Solvable Lie Group

A solvable Lie group is a Lie group G which is connected and whose Lie algebra g is a solvable Lie algebra. That is, the Lie algebra commutator series


eventually vanishes, g^k=0 for some k. Since nilpotent Lie algebras are also solvable, any nilpotent Lie group is a solvable Lie group.

The basic example is the group of invertible upper triangular matrices with positive determinant, e.g.,

 [a_(11) a_(12) a_(13); 0 a_(22) a_(23); 0 0 a_(33)]

such that product_(i)a_(ii)>0. The Lie algebra g of G is its tangent space at the identity matrix, which is the vector space of all upper triangular matrices, and it is a solvable Lie algebra. Its Lie algebra commutator series is given by

g^1=[0 b_(12) b_(13); 0 0 b_(23); 0 0 0]
g^2=[0 0 c_(13); 0 0 0; 0 0 0]
g^3=[0 0 0; 0 0 0; 0 0 0].

Any real solvable Lie group is diffeomorphic to Euclidean space. For instance, the group of matrices in the example above is diffeomorphic to R^6, via the Lie group exponential map. However, in general, the exponential map in a solvable Lie algebra need not be surjective.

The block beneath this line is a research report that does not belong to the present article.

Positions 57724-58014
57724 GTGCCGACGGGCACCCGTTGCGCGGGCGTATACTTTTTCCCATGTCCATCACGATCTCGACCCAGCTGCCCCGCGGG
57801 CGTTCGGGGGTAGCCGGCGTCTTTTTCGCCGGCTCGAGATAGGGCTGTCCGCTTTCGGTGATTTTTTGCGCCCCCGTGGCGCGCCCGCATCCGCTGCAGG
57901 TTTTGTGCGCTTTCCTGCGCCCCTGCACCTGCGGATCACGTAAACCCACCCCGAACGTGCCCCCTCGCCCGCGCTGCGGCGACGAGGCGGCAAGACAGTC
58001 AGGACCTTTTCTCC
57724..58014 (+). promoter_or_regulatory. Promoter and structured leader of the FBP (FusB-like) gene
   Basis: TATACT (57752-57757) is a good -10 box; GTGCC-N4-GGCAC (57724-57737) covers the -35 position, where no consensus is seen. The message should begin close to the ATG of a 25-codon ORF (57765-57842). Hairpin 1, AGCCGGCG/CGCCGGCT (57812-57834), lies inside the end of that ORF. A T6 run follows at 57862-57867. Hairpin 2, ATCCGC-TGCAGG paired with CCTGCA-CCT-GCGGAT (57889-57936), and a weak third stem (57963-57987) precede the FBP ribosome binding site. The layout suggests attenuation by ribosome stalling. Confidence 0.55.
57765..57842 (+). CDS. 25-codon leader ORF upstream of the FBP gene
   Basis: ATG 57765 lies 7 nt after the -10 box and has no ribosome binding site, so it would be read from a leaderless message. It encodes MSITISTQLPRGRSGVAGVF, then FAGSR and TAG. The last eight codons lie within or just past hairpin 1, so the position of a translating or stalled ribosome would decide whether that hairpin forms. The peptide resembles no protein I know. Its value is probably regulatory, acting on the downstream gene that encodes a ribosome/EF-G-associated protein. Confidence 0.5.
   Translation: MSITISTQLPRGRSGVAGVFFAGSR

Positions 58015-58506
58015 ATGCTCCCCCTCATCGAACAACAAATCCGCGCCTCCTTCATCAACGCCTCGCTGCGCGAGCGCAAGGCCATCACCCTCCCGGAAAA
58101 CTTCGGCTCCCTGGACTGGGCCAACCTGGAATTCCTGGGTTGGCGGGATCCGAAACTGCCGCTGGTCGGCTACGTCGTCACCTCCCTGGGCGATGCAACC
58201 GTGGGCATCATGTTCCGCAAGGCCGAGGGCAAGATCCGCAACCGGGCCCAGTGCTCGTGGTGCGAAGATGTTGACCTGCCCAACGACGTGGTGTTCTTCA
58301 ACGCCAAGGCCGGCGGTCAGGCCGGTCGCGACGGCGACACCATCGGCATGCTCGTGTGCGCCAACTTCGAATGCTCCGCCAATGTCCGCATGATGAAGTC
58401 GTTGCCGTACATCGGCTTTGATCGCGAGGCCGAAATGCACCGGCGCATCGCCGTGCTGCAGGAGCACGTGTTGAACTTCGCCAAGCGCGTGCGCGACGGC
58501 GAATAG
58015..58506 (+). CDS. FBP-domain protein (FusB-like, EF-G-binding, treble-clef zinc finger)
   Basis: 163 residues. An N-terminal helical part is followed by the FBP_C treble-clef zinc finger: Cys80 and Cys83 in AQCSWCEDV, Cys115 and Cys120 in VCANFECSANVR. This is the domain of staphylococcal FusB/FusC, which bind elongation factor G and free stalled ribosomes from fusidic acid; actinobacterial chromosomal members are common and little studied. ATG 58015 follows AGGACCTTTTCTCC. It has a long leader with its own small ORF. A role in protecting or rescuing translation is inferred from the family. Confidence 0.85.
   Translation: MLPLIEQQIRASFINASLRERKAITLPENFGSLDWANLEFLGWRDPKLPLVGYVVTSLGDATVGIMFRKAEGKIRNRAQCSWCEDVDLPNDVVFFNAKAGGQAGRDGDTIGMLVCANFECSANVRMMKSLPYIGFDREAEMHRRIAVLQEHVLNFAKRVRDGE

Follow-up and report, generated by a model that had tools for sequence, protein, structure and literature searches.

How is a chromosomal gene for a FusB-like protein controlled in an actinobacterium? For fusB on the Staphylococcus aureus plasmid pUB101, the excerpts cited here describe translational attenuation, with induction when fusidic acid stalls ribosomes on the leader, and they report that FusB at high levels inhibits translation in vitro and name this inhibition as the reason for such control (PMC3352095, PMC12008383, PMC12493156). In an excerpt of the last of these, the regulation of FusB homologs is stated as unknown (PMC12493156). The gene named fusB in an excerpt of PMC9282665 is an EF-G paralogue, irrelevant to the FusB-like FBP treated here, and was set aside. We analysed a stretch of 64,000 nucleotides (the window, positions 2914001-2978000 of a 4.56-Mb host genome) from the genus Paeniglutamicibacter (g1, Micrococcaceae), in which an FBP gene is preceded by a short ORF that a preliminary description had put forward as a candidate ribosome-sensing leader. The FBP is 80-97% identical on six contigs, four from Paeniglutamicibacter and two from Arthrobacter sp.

See also

Borel Group, Group Representation, Lie Algebra, Lie Algebra Commutator Series, Lie Group, Matrix, Nilpotent Lie Group, Solvable Group, Solvable Lie Algebra, Solvable Lie Group Representation, Split Solvable Lie Algebra, Vector Space Flag

This entry contributed by Todd Rowland

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Rowland, Todd. "Solvable Lie Group." From MathWorld--A Wolfram Web Resource, created by Eric W. Weisstein.

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